Exhibition Dates: March 2 - April 13, 2013
Saturday, March 2
6:00 - 8:00 pm
Joseph Bellows Gallery to hold the first West Coast exhibition of the work of established East Coast photographer, Arnold Kramer. This exhibition also marks Kramer's first gallery exhibition in 25 years. Kramer's interiors are crisp and clean. The banality of his subjects is easily trumped by Kramer's skillful framing and attraction to pattern; the images become fascinating reflections on social nuance.
Images first appear frank, direct, even plain; the formal approach Kramer takes works to enhance these qualities as it undoes them. Pattern and texture partitions and segments the images, but work a dual role to give a collage-like quality to the frames that pushes and pulls our eye. Kramer is able to find views that continue to vacillate between flatness and depth. This visual play gives an almost undetectable tension to the work that causes us to pause, and we engage deeper. Images begin to expose more than what meets the eye; we begin to make judgements on the interiors' owners and we identify cues of means and status or their lack. The inhabitants of livingroom, Randallstown, Maryland, 1977-1978 enjoy a plush lifestyle, where bed, Washington DC, 1977-1978 is bare even stark. Titles often help to drive our desire to describe unseen owners and give more rounded views with hints like woman's room or boy's room, and where definition is not given by gender- game room, entry hall, dressing table we can form more elaborate descriptions.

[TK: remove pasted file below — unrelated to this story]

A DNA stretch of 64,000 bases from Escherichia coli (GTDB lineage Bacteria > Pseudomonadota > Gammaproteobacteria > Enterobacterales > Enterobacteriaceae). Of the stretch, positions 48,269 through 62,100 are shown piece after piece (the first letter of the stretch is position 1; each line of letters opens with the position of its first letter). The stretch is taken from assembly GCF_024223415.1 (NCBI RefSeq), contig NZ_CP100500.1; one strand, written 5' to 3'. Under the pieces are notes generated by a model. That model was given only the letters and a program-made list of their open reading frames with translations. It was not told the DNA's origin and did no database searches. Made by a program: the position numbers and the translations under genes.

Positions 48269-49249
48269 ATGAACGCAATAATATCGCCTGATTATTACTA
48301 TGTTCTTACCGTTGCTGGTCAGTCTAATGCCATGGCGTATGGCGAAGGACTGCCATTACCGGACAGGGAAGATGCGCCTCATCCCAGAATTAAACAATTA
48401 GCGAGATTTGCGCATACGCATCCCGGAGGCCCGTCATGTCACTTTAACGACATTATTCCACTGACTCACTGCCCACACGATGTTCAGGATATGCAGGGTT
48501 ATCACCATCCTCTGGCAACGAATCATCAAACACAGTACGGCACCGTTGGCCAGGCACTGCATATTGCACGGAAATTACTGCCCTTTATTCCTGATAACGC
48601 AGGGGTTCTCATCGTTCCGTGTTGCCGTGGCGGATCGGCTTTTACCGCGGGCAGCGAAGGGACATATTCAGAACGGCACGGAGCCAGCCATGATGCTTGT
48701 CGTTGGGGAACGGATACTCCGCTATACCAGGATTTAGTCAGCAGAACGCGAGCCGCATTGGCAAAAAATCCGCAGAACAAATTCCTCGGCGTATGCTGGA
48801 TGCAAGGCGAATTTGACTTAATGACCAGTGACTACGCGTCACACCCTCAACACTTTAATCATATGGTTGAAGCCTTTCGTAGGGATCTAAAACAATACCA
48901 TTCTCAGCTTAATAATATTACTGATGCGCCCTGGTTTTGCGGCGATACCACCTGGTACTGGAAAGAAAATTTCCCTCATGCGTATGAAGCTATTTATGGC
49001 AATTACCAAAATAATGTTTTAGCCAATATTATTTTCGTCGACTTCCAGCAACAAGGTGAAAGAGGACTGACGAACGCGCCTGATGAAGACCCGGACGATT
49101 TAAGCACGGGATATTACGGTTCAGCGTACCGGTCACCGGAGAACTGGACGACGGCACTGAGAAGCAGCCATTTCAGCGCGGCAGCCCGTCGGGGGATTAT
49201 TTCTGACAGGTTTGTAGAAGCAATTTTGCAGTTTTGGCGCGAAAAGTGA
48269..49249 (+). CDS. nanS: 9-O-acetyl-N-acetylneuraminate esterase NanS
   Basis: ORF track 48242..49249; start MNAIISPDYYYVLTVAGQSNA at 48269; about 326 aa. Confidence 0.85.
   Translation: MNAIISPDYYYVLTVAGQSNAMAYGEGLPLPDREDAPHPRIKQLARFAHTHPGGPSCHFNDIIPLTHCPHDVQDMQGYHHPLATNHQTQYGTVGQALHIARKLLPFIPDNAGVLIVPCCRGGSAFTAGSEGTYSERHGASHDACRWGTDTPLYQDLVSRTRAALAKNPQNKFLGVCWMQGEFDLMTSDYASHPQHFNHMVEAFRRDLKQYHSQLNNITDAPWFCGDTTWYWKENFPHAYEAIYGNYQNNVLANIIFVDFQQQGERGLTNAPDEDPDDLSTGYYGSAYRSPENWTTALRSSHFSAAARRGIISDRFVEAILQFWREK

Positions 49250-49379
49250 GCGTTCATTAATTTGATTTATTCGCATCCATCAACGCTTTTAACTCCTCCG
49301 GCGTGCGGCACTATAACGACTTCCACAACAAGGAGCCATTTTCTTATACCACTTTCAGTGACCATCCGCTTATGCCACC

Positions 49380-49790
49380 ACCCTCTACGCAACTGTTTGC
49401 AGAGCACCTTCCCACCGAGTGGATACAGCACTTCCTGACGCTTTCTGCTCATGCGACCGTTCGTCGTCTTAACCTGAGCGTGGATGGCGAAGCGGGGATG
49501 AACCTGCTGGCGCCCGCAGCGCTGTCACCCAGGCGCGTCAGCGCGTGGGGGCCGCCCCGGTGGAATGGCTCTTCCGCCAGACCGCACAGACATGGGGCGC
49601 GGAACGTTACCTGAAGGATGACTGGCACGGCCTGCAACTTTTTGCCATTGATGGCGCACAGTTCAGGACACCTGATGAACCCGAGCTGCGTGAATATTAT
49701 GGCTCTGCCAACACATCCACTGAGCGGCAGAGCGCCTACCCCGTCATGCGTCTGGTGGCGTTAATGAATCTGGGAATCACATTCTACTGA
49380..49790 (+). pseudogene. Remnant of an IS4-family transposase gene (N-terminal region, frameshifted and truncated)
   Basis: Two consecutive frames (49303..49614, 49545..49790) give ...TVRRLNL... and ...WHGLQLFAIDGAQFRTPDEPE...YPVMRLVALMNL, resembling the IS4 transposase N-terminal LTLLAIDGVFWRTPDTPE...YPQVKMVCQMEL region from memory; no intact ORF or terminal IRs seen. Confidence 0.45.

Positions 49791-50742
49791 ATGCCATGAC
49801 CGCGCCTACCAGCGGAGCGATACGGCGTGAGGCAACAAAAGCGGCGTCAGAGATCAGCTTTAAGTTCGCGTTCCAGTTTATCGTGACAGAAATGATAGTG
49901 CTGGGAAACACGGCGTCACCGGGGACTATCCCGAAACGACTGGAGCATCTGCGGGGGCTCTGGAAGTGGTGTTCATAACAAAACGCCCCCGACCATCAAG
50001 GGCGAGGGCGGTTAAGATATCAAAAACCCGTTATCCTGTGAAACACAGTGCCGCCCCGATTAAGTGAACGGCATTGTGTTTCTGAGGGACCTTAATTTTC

Arnold Kramer has had a fruitful career in the arts. In both 1975 and 1979 he was awarded fellowships from the National Endowment for the Arts. He was on the faculty of the University of Maryland for 11 years where he taught both undergraduate and graduate courses in still photography, and since 1987 has served on the staff of the United States Holocaust Memorial Museum. Kramer's work in in notable collections that include the Birmingham Museum of Art, Corcoran Gallery of Art, National Museum of American Art, Addison Gallery of American Art, and The Baltimore Museum of Art.
For more information on the exhibition, please visit Joseph Bellows Gallery